With our minds racing through the hustle and bustle of the daily grind, the natural process of ecosystems often goes unnoticed in our everyday lives. Yet, these systems are imperative to keeping the world around us running smoothly. When an ecosystem’s routine is disrupted, its impact is noticed the most. If only one part of an ecosystem is negatively impacted, it can cause a ripple effect of disruptions across species, the food chain, water systems, and so much more.
Why Wetlands are Crucial to Our Ecosystem
Pollination is just one example of an ecological function we can’t afford to lose. Pollinators, including bees, butterflies, and other insects, contribute approximately $500 billion a year to global food production. Wetlands, a type of biome that provides many ecological functions, are invaluable. Water retention, water filtration, habitat for rare plants and animals, nursey for native fishes, soil retention, and erosion control are just a few ecological functions that healthy wetlands provide for humans. Minnesota is one of the few states with established state laws protecting historic wetlands. In 1991, state congress passed the Wetland Conservation Act (WCA), a policy that creates a no-net loss of total wetlands in Minnesota. While this is the land of 10,000 lakes, wetlands present are almost just as noteworthy.
Wetland Banking: A Method to Restore and Sustain Wetlands
As part of a Minnesota program to incentivize wetland restoration, wetland bank landowners can earn ‘credits’ based on the acres of land restored around an eligible wetland system. These credits can be sold into a market-based economy to offset impacts from developments in other parts of the state. Wetland bank restorations can include a variety of improvements, such as planting native shrubs and vegetation, changing water flow, or providing new habitat for organisms.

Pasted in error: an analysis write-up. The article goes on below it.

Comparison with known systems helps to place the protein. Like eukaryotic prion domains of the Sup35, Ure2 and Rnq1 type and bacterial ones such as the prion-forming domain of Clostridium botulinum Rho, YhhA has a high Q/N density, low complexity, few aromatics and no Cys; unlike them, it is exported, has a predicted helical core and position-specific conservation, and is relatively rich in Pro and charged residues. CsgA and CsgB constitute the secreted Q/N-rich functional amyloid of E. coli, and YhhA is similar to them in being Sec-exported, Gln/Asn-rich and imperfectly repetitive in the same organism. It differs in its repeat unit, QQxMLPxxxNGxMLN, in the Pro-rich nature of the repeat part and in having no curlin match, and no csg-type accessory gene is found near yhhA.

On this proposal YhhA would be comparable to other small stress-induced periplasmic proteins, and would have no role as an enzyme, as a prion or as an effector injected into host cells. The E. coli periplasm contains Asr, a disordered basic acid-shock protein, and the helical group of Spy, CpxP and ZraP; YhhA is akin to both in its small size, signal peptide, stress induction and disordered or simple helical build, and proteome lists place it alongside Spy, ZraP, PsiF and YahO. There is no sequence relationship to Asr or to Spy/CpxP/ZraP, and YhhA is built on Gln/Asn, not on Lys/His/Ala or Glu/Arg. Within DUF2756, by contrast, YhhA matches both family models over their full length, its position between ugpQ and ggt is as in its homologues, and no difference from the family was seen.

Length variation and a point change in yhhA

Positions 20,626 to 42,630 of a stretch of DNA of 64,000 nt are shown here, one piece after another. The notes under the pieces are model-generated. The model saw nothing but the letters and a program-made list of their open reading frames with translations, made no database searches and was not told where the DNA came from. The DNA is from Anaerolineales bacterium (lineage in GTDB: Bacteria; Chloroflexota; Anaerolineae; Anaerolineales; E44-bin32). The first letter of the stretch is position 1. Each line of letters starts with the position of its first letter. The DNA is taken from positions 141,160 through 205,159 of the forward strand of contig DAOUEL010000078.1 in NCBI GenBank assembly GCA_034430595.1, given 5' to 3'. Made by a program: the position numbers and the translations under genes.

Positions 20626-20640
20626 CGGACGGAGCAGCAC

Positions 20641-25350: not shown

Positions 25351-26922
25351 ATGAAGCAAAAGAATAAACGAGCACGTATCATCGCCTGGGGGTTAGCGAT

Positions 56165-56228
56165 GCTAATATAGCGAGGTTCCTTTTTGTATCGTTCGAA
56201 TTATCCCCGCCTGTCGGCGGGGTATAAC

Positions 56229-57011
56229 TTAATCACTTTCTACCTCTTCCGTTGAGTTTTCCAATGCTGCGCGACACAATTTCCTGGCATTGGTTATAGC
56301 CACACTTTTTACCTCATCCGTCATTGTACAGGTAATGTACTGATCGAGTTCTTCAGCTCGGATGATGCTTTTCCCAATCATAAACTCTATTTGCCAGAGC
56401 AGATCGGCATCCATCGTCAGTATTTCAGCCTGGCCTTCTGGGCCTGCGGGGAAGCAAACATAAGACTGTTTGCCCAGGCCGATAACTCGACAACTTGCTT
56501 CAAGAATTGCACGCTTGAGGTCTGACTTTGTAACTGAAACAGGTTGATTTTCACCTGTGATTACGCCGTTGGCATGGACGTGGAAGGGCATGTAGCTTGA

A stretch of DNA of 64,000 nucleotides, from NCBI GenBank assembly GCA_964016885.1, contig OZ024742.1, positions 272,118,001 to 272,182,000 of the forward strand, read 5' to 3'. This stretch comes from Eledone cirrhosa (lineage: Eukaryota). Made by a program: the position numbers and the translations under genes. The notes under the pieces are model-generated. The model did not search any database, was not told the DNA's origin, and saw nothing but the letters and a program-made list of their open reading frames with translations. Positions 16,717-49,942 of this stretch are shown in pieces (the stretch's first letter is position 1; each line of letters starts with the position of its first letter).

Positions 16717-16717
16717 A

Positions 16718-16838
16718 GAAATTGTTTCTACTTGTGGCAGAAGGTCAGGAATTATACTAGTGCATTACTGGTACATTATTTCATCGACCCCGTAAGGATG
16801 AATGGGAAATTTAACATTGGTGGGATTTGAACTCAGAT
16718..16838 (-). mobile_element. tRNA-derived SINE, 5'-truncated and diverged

Each participating wetland site has a set of restoration goals established, which are then measured throughout five years of monitoring. The defining traits of wetlands (hydrophytic vegetation, hydric soil, hydrology) are also measured throughout this period. Monitors study the native plant diversity and percentage of invasive species, measure water levels throughout the growing season with hydrology wells, and conduct soil borings to explore the soil’s properties. As data is collected throughout the growing season, the landowner is informed on the number of invasive species and how to treat them, which is used to maintain a functional wetland. Through these methods of data collection, it can be determined if a wetland bank meets its restoration goals.
Once the bank has been restored to its highest potential, the bank will remain in conservation easement forever, meaning the land cannot be developed and must remain as a functioning stream restoration site. The landowner is responsible for managing the vegetation beyond the monitoring period.
Wetland Conservation at Stevensen Wetland Bank
Al Stevensen, owner of Stevensen Wetland Bank in Mankato, became familiar with the idea of wetland banking from his brother, who is on the board for the Nicollet County Conservation Club. From there, Bolton & Menk’s natural resources team was looped in as a consultant to help design a successful restoration.
To participate in wetland banking, restoration bank goals must be approved by both state and federal government. Bolton & Menk’s natural resources team bridged the gap between the landowners’ desires and government agencies’ legal tape through their vast knowledge of local city, state, and federal wetland policies. These restoration goals must be met for the credits to be released to the landowner, but sometimes, partial credit can be requested due to uncontrollable conditions like regional drought.